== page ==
tagReviews & EssaysAlice Crimmins Confusion

Alice Crimmins Confusion


The confusing case of Alice Crimmins: promiscuity and killed kids

By Denise Noe

The Alice Crimmins case broke in 1965 when the two young children of the attractive, red-haired woman, who was separated from her husband, were found dead in different vacant lots. My first encounter with the sensational case was through a lightly fictionalized 1978 made-for-TV movie starring Tuesday Weld as Crimmins stand-in Doris Winters.

After seeing this movie, I was puzzled by something. The bad-guy detective character roughly asks the Crimmins figure, "How come your men friends outnumber your girlfriends four to one?"

The reason this seemed strange is that I was well aware of the women's liberation movement whose members were frequently criticized as man-haters and lesbians. Wouldn't a woman with mostly male friends be the opposite and therefore someone admired by those with traditional values? I asked a high school friend of my own if it was in fact bizarre for a woman's male friends to outnumber her female friends four-to-one. He replied, "Oh, that would be very unusual." I said, "But I've always heard that women don't like or trust each other." He said, "They don't but they're usually kind of stuck with each other. About the only way it could happen that most of a woman's friends would be men would be if she worked in a field that was mostly male or if she was very promiscuous."

Alice Crimmins had attracted so many men friends because she had in fact been promiscuous.

My next encounter with the case was through a book called The Alice Crimmins Case by Ken Gross. The book is extremely readable and dramatic. It brings the reader close to Alice Crimmins and strongly suggests that her convictions -- she was tried twice and convicted both times -- were miscarriages of justice.

Unfortunately, Gross attempts to impose a feminist interpretation on her life. He writes, "The Alice Crimmins case, I came to believe, was perceived as frightening because the women's movement was just coming into existence when the case broke, and the implications -- a housewife grown rebellious and out of control -- terrified those who felt a stake in maintaining the status quo." He describes her as having "broken the social taboos of her class, of her religion, and of her sex." Gross also terms her (completely: she told a woman she could not handle a lesbian relationship) heterosexual promiscuity an example of "female emancipation."

A feminist interpretation of Alice Crimmins' life simply does not fit. In fact, Gross' own evidence shows her as a woman with profoundly traditional ideals about the relations between the sexes. Gross writes that one reason for her alienation from her husband was that "he tended to fall apart in a crisis. She wanted someone strong, someone she could lean on." At another point, Alice confided that she lost respect for him because "he was an airline mechanic but he couldn't even fix his own car!"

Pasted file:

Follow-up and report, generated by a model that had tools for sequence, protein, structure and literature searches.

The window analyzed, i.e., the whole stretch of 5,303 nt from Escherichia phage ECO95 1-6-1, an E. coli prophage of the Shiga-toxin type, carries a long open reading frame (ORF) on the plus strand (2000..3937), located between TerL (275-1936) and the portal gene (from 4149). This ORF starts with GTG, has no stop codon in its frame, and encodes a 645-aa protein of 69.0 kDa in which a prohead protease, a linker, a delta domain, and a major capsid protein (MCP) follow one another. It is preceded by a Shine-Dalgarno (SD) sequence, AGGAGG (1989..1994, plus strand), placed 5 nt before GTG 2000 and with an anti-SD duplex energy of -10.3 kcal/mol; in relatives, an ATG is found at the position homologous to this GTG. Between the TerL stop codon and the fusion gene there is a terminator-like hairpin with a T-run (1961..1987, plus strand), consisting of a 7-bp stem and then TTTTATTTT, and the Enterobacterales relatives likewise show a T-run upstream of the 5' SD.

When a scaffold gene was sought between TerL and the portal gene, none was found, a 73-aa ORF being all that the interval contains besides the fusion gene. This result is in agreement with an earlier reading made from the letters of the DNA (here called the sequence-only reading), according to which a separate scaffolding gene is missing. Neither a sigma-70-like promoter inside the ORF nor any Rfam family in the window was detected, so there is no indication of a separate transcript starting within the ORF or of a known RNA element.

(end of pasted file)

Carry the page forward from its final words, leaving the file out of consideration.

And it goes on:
Crimmins was the polar opposite of the era's "women's libbers" in other respects. While they were known for rejecting the idea that women should be judged by their appearance, Crimmins put a premium on hers. Even when her daughter had been found dead and her son was still missing, she insisted on applying her make-up before being interviewed by police officers.

Asked what she thought of the feminist movement, she replied, "Oh, I'm for equal pay for equal work but not for all the far-out things. I don't hate men. I believe women are put on this earth to serve men. A man should be dominant. I believe in women's liberation, but not at the price of my femininity."

Many years after reading about the Crimmins case in Gross' book, I researched the case for an article that would eventually be published in Court TV's Crime Library. I got hold of another book about it, "Ordeal By Trial" by George Carpozi, Jr. Carpozi is not Crimmins' champion. His more objective reporting shows that the evidence against her was stronger than Gross indicated it was. However, he ends his book writing, "I'm not convinced that Alice Crimmins killed her children. Nor am I convinced that she didn't."

Like Carpozi, I ultimately found the heavily disputed evidence inadequate to sustain a finding of guilty beyond a reasonable doubt. However, two juries convicted her.

Her promiscuity may have been a factor. At her first trial, one juror commented, "A tramp like that is capable of anything." A female spectator at one of her trials said she found it hard to believe any mother would kill her children "but a woman like that . . . it makes it easier to understand."

I believe that an element of prejudice did indeed tip the scales against Alice Crimmins. However, that prejudice was not because she in any way personified feminism. This promiscuous woman was quite happily dependent on men for both financial and emotional support as well as sexual gratification. Rather, with her thick make-up, seeming vanity, and packed social calendar, she represented the stereotype of an old-fashioned femme fatale.

At least, that is my take on the case. I would be most interested in learning what others think of it. My story on this most baffling murder case is featured in a Crime Library series called Unhappy Moments in American Justice. The Crimmins section is at http://www.crimelibrary.com/notorious_murders/family/crimmins/1.html


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